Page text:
Kia EV6 review: running costs & insurance
Slightly higher insurance groupings than rivals are the only real minus point here
|Insurance group||Warranty||Service interval||Annual company-car tax cost (20%/40%)|
|34-45||7yrs/100,000 miles||2yrs/20,000 miles||From £181/£361|
Like all electric cars, the Kia EV6 can be significantly cheaper to run than any petrol or diesel-engined equivalent – especially if you can charge at home using an off-peak energy tariff. Do so, and we reckon you can cancel out the EV6’s initial list-price difference versus a like-for-like BMW 3 Series or Audi A4. One area to keep an eye on is insurance premiums, as the Kia sits in higher groups than several of its immediate rivals.
Kia EV6 insurance group
The Kia EV6's slightly sportier nature than its Hyundai Ioniq 5 sister car is evident in slightly higher insurance groupings: 34 to 45, depending on spec, as opposed to 30 to 41 for the Hyundai. That's also slightly higher than the groups 33 to 40 ratings for the Ford Mustang Mach-E and the Audi Q4 e-tron's groups 25 to 39.
Kia has long been an industry leader when it comes to manufacturer warranty cover and that hasn't changed with its move into the fully electric world. The EV6 comes with the same excellent seven-year/100,000-mile guarantee that all the Korean brand's cars leave the showroom with, although MG is nipping at its heels with a seven-year/80,000-mile cover package on its (admittedly cheaper and less high-tech) electric models.
If you’re planning to keep your car for a long time, the Toyota bZ4X and its 10-year/100,000-mile warranty is the new class leader, though we don’t rate the overall package as highly as we do the EV6.
Kia says the EV6 only needs to be serviced once every two years or after 20,000 miles, whichever comes first. That's about twice as long as the service intervals for the majority of Kia's other models, and should reduce the maintenance costs of running an EV6.
The Kia EV6 is, like all fully zero-emissions vehicles, zero-rated for road tax (VED) in the UK until 2025. Zero-emissions status also means exemption from the London Congestion Charge until 2025, as well as from other low and zero-emissions zones that are popping up around the country.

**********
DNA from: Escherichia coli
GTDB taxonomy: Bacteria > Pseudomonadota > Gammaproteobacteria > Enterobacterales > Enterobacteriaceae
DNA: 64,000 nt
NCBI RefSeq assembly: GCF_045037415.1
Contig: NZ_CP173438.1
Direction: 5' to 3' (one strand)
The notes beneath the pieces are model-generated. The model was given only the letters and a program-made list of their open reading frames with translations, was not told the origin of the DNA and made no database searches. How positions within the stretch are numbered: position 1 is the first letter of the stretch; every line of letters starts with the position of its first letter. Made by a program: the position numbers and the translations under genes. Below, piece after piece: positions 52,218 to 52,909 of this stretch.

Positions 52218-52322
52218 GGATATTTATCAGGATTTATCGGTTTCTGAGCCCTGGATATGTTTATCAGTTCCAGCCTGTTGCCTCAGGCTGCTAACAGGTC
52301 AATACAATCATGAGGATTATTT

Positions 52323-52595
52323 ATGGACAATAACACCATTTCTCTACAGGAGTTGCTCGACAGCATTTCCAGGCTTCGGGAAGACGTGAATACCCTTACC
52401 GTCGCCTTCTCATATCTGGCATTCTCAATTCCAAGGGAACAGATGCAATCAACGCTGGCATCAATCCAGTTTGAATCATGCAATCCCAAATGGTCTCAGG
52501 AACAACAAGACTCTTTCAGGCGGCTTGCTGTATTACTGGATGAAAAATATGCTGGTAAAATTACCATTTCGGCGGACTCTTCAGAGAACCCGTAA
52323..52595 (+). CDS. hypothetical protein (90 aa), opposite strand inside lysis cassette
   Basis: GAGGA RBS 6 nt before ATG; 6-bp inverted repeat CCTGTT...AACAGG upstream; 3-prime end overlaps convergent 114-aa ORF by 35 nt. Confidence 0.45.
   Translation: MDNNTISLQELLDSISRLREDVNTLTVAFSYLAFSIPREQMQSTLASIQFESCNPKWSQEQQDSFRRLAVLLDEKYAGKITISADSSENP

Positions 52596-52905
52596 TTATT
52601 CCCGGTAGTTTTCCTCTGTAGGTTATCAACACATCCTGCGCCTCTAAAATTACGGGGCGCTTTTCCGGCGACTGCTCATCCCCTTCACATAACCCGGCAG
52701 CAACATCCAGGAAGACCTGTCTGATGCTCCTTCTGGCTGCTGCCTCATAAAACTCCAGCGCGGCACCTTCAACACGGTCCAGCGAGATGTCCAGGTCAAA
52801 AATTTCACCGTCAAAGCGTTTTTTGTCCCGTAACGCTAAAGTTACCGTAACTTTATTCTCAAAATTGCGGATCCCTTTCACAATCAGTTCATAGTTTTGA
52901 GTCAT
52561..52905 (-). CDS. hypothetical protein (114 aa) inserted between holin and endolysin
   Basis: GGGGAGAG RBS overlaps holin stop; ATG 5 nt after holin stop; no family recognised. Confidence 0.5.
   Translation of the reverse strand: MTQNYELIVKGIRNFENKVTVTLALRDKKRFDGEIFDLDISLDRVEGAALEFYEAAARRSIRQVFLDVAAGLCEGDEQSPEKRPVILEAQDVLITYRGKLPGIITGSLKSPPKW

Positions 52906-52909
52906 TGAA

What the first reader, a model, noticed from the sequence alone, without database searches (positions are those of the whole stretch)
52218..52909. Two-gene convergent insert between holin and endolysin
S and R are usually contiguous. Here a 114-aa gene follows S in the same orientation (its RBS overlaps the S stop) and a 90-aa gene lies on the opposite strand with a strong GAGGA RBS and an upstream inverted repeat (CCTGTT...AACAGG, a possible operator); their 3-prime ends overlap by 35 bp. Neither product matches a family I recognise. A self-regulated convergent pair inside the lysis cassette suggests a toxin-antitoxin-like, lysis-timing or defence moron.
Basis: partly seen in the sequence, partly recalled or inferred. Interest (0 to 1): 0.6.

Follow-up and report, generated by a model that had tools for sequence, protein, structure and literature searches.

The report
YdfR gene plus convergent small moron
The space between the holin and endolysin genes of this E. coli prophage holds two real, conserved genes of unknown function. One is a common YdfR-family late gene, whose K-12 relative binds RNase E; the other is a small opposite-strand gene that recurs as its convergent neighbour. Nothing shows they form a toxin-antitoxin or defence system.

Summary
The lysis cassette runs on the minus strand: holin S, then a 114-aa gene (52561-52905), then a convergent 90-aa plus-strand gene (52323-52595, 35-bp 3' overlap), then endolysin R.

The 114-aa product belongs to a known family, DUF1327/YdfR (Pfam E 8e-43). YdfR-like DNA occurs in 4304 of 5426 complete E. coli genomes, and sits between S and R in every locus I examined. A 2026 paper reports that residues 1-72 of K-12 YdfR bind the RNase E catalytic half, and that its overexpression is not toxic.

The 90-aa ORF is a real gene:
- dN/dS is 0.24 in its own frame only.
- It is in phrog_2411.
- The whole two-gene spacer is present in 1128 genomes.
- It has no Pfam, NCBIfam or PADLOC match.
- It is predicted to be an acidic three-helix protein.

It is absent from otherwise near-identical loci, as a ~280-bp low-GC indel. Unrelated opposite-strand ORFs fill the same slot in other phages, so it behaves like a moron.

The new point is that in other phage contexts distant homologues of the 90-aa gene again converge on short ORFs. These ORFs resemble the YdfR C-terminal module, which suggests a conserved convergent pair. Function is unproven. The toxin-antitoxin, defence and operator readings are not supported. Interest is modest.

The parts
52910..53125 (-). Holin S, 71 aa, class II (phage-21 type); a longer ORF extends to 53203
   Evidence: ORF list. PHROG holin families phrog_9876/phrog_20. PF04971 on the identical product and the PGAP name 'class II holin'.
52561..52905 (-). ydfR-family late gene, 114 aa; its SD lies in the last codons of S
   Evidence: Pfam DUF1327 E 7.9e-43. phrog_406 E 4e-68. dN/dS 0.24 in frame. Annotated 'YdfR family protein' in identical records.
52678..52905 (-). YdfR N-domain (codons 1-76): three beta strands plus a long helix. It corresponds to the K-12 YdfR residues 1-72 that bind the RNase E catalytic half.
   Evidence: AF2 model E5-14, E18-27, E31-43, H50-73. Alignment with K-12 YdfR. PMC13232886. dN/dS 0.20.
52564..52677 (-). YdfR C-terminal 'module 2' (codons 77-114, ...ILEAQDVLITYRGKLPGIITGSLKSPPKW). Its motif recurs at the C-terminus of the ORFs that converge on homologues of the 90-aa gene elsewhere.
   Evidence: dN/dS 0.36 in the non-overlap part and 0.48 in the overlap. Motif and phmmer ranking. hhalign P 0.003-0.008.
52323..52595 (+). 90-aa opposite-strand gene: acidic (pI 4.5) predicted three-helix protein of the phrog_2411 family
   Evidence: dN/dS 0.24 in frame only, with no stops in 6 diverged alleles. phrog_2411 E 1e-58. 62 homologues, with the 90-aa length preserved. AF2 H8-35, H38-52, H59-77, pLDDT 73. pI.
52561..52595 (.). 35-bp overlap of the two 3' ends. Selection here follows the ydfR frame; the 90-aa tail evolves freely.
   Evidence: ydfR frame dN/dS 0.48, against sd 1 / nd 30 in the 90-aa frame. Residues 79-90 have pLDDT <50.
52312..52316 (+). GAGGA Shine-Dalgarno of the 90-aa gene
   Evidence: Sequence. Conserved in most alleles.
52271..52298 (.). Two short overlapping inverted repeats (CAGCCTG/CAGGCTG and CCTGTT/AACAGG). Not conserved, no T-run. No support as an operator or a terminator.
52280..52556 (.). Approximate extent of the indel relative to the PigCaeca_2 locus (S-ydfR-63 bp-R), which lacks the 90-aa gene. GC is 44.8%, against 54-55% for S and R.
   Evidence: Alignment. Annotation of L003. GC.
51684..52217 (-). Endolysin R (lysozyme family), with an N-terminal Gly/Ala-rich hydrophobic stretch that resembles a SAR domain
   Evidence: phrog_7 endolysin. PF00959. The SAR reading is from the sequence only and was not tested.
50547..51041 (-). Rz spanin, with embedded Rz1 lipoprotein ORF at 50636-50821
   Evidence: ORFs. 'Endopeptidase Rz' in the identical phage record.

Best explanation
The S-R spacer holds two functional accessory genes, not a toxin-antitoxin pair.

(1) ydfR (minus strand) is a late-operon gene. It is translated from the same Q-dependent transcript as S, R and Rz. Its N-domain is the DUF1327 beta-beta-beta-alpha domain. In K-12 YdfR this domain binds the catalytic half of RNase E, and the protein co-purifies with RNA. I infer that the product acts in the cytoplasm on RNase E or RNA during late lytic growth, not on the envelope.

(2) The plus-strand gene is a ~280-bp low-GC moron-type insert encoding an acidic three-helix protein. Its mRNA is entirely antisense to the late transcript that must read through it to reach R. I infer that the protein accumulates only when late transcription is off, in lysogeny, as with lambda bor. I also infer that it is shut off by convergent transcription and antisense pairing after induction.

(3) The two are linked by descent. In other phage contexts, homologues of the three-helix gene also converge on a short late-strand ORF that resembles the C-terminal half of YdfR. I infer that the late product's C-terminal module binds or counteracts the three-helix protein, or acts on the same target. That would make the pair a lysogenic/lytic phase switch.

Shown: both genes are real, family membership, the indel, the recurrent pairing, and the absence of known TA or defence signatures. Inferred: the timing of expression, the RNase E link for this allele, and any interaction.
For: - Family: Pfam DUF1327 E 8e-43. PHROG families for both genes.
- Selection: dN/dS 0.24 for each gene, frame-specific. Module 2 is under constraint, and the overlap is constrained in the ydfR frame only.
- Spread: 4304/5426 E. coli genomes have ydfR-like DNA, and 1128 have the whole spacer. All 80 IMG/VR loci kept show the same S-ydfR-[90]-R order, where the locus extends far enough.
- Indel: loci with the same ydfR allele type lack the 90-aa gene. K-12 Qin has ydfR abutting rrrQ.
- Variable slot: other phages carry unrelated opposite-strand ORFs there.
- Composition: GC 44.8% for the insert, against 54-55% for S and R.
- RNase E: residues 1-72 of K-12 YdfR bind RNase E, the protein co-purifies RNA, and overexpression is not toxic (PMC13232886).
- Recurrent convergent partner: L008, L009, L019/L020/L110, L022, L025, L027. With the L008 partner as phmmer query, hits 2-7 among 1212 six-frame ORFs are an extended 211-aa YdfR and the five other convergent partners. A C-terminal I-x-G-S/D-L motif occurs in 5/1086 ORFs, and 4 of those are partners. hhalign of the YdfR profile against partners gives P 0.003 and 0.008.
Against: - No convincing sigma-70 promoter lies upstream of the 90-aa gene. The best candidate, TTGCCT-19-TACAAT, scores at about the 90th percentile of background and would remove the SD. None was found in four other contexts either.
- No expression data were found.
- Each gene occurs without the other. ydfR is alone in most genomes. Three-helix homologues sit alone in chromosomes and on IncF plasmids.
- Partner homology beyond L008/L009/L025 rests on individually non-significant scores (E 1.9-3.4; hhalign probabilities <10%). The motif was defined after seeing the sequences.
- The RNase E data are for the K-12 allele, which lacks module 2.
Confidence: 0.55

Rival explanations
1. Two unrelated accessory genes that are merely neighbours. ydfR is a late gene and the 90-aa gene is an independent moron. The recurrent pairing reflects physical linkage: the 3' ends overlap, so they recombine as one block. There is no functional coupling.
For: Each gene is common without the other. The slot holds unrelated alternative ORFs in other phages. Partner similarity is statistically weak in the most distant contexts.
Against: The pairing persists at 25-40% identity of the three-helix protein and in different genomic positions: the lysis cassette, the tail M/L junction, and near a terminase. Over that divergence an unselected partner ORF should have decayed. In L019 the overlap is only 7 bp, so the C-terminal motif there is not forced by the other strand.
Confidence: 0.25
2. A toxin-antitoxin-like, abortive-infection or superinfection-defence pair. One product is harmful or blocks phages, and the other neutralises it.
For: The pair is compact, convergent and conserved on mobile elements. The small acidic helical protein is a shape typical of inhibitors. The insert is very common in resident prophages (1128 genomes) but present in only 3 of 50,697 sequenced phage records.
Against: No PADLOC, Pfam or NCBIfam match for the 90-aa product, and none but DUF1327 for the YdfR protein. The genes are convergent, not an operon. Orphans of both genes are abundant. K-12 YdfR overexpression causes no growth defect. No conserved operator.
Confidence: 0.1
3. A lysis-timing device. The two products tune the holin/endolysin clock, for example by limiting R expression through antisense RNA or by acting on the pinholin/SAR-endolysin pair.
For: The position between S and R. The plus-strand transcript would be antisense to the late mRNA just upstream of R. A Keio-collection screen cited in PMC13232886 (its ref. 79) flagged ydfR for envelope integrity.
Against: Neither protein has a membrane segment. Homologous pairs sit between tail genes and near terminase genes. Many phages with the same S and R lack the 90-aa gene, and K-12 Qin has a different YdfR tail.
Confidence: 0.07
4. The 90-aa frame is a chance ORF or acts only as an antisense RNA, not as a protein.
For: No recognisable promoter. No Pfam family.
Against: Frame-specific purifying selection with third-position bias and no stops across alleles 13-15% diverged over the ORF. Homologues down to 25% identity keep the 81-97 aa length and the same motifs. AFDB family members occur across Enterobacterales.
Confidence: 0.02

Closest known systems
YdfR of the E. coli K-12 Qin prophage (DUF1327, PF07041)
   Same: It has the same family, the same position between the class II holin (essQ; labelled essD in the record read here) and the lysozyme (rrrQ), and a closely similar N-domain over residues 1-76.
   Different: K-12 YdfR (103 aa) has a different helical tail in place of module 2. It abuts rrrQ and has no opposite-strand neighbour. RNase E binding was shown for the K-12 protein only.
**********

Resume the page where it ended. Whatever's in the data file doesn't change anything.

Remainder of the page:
According to March 2023 depreciation data from independent industry experts, the Kia EV6 should be worth between 57-59% of its new value after three years or 36,000 miles on the road. That’s incredibly impressive, and beats rivals like the BMW i4 (52-56%) and Ford Mustang Mach-E (50-54%) hands down.
In This Review
- 1VerdictThe first of the new breed of pure-electric cars from Kia impresses, offering sportier looks and handling than its Hyundai Ioniq 5 cousin
- 2Range, battery & chargingThe EV6 has impressive range figures – and comes impressively close to matching them in real-world driving, too
- 3Running costs & insurance - currently readingSlightly higher insurance groupings than rivals are the only real minus point here
- 4Performance, motor & driveIt's compromised somewhat by its significant weight, but overall the EV6 is one of the better-handling electric cars you can buy
- 5Interior, dashboard & comfortThe EV6 benefits from yet another impressive Kia interior, with easy-to-use tech and high-quality materials
- 6Boot space, seating & practicalityLuggage space is decent, but you may need to double-check if the EV6's rear seats are big enough for your needs
- 7Reliability & safety ratingA seven-year warranty and five-star safety rating complements Kia's good track record for reliability